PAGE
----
How to Plant Onions: 3 Ways To Grow Big Crops

straw basket of homegrown yellow and red onions on a marble kitchen countertop
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Last Updated on 5 months by Michelle

Growing onions is a rewarding gardening experience that yields a versatile culinary ingredient right from your own backyard. An onion botanical known as Allium cepa, the common onion thrives when you set the stage right: think full sun, well-drained soil, and a little TLC.

As you gear up to plant onions, you have a variety of methods at your disposal, whether starting with onion sets, onion seeds, or even the base of an onion bulb you might otherwise toss after cooking.

As you prepare your garden, choosing the right type of onion is key for success. Short day onions and long day onions are named for the amount of daylight they need to form bulbs. Meanwhile, green onions, also known as scallions, can be harvested earlier as they do not form large bulbs. Planting onions like the yellow sweet Spanish variety, known for their sweet flavor profile, can lead to delicious outcomes. Fertilizer onions correctly, maintain the soil moist, and practice crop rotation to prevent plant diseases and pests such as onion root maggots.

Your adventure in onion production involves several stages from sowing to harvest. Plant onion sets or onion seeds in early spring, typically four to six inches apart in rows to facilitate good air circulation and bulb development. Throughout the growing season, ensure the soil remains rich in organic matter and keep the soil moist without overwatering. Come late summer, when the tops turn yellow and fall over, it’s your signal that the onions are ready. Harvest onions with care, cure them to extend storage life, and you’ll have home-grown onions to enjoy.

straw basket of homegrown yellow and red onions on a marble kitchen countertop
Cured Yellow and Red Candy onions from my garden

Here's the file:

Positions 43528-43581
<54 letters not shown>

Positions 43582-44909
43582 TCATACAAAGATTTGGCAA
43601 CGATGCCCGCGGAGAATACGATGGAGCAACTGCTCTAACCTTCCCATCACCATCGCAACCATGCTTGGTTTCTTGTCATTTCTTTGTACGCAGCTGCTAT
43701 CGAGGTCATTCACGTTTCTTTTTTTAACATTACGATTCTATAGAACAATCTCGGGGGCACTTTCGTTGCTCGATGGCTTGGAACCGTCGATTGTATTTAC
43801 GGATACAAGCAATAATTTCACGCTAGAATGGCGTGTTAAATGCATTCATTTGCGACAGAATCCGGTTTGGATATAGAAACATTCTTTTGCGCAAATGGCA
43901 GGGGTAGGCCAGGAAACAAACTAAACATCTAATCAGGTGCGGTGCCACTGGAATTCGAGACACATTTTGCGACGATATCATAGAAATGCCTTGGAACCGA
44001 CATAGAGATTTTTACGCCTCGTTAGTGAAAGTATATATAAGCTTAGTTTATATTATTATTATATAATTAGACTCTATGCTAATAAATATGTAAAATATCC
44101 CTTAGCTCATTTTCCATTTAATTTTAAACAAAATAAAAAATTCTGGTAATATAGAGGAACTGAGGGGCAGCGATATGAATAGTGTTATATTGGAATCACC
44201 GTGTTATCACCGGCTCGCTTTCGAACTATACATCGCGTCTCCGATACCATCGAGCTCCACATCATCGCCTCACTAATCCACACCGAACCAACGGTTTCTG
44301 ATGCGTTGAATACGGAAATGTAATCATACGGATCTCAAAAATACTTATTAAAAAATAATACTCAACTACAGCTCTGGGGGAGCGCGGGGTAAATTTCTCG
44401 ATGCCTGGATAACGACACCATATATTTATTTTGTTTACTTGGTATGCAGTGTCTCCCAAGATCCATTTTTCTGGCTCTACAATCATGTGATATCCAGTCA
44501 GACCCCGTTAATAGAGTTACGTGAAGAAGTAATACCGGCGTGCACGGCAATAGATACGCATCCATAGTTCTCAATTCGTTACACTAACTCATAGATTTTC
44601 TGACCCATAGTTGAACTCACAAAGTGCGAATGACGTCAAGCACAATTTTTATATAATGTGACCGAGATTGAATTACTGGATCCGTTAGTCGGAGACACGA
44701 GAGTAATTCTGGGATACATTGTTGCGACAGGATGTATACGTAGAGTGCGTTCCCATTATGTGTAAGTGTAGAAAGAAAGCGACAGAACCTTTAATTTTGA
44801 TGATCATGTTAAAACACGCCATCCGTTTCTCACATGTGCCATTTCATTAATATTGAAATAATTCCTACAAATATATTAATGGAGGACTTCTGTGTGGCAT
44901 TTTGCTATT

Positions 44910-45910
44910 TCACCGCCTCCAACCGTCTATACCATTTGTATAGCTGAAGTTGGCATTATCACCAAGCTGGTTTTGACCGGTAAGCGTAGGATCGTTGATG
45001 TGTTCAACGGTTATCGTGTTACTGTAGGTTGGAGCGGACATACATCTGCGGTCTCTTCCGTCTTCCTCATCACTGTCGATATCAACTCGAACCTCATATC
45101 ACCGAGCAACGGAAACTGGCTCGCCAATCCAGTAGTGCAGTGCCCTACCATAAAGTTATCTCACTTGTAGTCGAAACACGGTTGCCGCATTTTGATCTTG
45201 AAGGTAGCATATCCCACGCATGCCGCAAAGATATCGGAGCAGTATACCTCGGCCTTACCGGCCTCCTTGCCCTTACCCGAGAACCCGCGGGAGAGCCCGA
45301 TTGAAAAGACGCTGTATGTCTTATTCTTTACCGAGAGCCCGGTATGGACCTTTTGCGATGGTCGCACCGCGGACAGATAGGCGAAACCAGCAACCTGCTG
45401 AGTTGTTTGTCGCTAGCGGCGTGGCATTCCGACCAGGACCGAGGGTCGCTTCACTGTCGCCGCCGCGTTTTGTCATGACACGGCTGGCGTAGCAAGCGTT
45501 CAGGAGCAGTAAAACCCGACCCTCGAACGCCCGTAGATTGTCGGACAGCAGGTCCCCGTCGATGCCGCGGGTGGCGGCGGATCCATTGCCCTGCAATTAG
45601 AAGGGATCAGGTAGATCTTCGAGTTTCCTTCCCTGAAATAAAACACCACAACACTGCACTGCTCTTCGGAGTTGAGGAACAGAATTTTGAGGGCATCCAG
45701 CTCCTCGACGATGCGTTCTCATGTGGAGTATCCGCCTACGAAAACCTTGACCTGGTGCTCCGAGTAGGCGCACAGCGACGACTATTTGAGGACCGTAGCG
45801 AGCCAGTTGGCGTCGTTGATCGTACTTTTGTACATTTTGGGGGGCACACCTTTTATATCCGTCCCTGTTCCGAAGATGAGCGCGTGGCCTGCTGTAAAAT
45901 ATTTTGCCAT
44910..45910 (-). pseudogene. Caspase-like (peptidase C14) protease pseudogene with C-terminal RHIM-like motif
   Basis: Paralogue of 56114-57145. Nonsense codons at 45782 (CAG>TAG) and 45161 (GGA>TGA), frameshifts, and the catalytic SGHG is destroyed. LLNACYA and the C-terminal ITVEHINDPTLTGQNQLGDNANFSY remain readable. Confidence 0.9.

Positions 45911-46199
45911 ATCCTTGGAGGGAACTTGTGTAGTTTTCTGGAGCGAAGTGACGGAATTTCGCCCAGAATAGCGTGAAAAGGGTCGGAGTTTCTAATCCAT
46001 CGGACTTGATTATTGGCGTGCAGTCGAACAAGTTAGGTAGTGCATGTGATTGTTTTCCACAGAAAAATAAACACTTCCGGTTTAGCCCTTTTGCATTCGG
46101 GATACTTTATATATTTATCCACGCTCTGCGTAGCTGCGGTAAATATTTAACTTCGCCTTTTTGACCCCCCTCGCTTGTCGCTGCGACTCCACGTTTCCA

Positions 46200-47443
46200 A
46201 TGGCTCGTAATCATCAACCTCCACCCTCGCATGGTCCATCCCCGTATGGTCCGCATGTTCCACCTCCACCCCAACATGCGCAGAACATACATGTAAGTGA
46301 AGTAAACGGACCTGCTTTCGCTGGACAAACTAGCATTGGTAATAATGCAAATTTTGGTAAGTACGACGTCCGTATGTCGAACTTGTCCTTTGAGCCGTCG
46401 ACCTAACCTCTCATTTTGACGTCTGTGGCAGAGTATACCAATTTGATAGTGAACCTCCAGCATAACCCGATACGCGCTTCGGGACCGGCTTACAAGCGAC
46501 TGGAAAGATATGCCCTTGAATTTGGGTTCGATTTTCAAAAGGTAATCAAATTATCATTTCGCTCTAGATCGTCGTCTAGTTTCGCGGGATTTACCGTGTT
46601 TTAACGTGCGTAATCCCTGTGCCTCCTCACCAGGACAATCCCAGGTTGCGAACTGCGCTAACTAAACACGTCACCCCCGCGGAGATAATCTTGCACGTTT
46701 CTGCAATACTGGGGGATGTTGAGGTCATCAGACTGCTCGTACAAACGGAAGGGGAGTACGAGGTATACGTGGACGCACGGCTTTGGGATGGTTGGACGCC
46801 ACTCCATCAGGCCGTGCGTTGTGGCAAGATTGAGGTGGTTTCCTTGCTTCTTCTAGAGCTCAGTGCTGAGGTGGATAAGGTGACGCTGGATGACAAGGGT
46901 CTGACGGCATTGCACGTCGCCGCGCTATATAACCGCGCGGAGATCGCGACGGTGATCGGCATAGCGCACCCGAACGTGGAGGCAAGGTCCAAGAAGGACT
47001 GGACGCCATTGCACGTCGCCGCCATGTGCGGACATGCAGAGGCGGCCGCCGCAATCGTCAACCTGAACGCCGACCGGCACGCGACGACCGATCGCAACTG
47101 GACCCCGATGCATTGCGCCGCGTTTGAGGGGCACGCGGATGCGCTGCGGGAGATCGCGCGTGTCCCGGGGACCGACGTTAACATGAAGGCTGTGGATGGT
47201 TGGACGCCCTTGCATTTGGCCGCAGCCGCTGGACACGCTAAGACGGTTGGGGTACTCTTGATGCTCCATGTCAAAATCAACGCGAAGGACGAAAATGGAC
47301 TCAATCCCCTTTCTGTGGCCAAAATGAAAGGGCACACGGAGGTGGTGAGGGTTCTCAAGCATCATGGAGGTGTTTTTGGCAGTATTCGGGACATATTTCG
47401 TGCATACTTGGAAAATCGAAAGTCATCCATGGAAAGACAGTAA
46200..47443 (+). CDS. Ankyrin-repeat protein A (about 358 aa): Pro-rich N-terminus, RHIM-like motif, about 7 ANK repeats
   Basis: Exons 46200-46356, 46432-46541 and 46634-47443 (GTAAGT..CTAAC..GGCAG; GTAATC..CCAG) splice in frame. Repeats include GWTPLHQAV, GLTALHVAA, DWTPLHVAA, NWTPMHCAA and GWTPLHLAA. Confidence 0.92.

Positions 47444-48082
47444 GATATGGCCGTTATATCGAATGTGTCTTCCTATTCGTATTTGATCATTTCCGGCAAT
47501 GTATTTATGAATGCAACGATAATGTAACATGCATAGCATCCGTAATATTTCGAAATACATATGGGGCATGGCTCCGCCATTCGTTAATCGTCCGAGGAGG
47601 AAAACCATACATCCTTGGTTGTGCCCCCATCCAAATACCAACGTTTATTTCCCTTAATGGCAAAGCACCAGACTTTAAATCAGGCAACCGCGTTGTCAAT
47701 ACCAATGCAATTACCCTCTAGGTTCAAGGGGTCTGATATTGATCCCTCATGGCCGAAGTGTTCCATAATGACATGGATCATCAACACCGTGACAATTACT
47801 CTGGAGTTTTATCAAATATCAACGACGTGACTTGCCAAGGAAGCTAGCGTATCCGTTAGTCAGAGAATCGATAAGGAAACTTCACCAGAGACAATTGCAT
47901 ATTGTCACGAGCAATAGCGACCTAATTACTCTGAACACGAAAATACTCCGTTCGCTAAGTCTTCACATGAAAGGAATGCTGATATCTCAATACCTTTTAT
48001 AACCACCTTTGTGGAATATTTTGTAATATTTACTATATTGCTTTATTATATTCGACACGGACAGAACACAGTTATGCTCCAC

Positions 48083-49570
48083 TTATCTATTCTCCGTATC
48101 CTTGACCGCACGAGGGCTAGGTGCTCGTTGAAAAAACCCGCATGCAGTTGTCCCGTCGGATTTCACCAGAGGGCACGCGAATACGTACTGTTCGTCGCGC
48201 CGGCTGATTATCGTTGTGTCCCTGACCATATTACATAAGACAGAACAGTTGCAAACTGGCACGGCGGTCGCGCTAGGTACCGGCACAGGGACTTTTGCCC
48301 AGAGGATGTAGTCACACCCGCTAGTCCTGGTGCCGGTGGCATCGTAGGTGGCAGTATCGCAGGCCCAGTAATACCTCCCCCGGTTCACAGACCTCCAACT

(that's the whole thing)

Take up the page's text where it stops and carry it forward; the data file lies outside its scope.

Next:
Understanding the Basics of Onion Growth

Growing onions can be a satisfying experience in your garden. To start, choosing the right onion variety is crucial. You have short day onions which are ideal for southern regions, and long day onions suited for the north, with day-neutral varieties thriving in most areas. Your local seed companies can help you select the best type of onion for your USDA hardiness zone.

When you’re ready to plant onions, the timing is critical. Early spring is ideal, as onions need cooler temperatures at the start. Prepare a sunny spot in your garden because onions require full sun for proper growth. Well-drained, loamy soil is best to allow for good air circulation and easy bulb development, and incorporating organic matter can enhance soil health.

Onion seeds can be sown directly into the soil, but many gardeners prefer using onion sets or onion transplants. When planting onion sets, space them about four inches apart in rows that are 12-18 inches apart to ensure enough room for bulb growth. A fertile soil helps, and you might consider a light fertilizer designed for onions.

Watering onions is also key – aim to keep the soil moist but not waterlogged. Herbicide-free grass clippings or a light layer of mulch help retain moisture and control weeds. As the season progresses, you’ll notice the green tops grow tall and strong, signaling healthy bulb development.

Lastly, when the tops of your onions turn yellow and fall over, it’s time to harvest onions. Use a spading fork to gently lift them from the ground, and allow them to dry in a mesh bag with plenty of airflow before storage. With these basics in mind, you’ll find that onions can be a must-grow vegetable for gardeners of any level.

A close up picture of a store display of onion seeds.
Onion Seeds at my Local Walmart

Choosing the Right Onion Varieties

Selecting the appropriate onion variety is crucial for a successful harvest. Knowing your region’s climate and daylight hours will help you determine which type of onion will thrive in your garden.

Short-Day Onions

Short-day onions are ideal if you’re in the southern part of the country, where daylight hours are shorter. They initiate bulb formation with 10-12 hours of daylight, making them suitable to plant in early spring. Varieties like the ‘Yellow Granex’, often sweet in flavor, are perfect if you’re aiming to grow onions that are milder and good for salads. Plant onion sets approximately one inch deep and four inches apart in well-drained soil to encourage healthy growth.

 

Long-Day Onions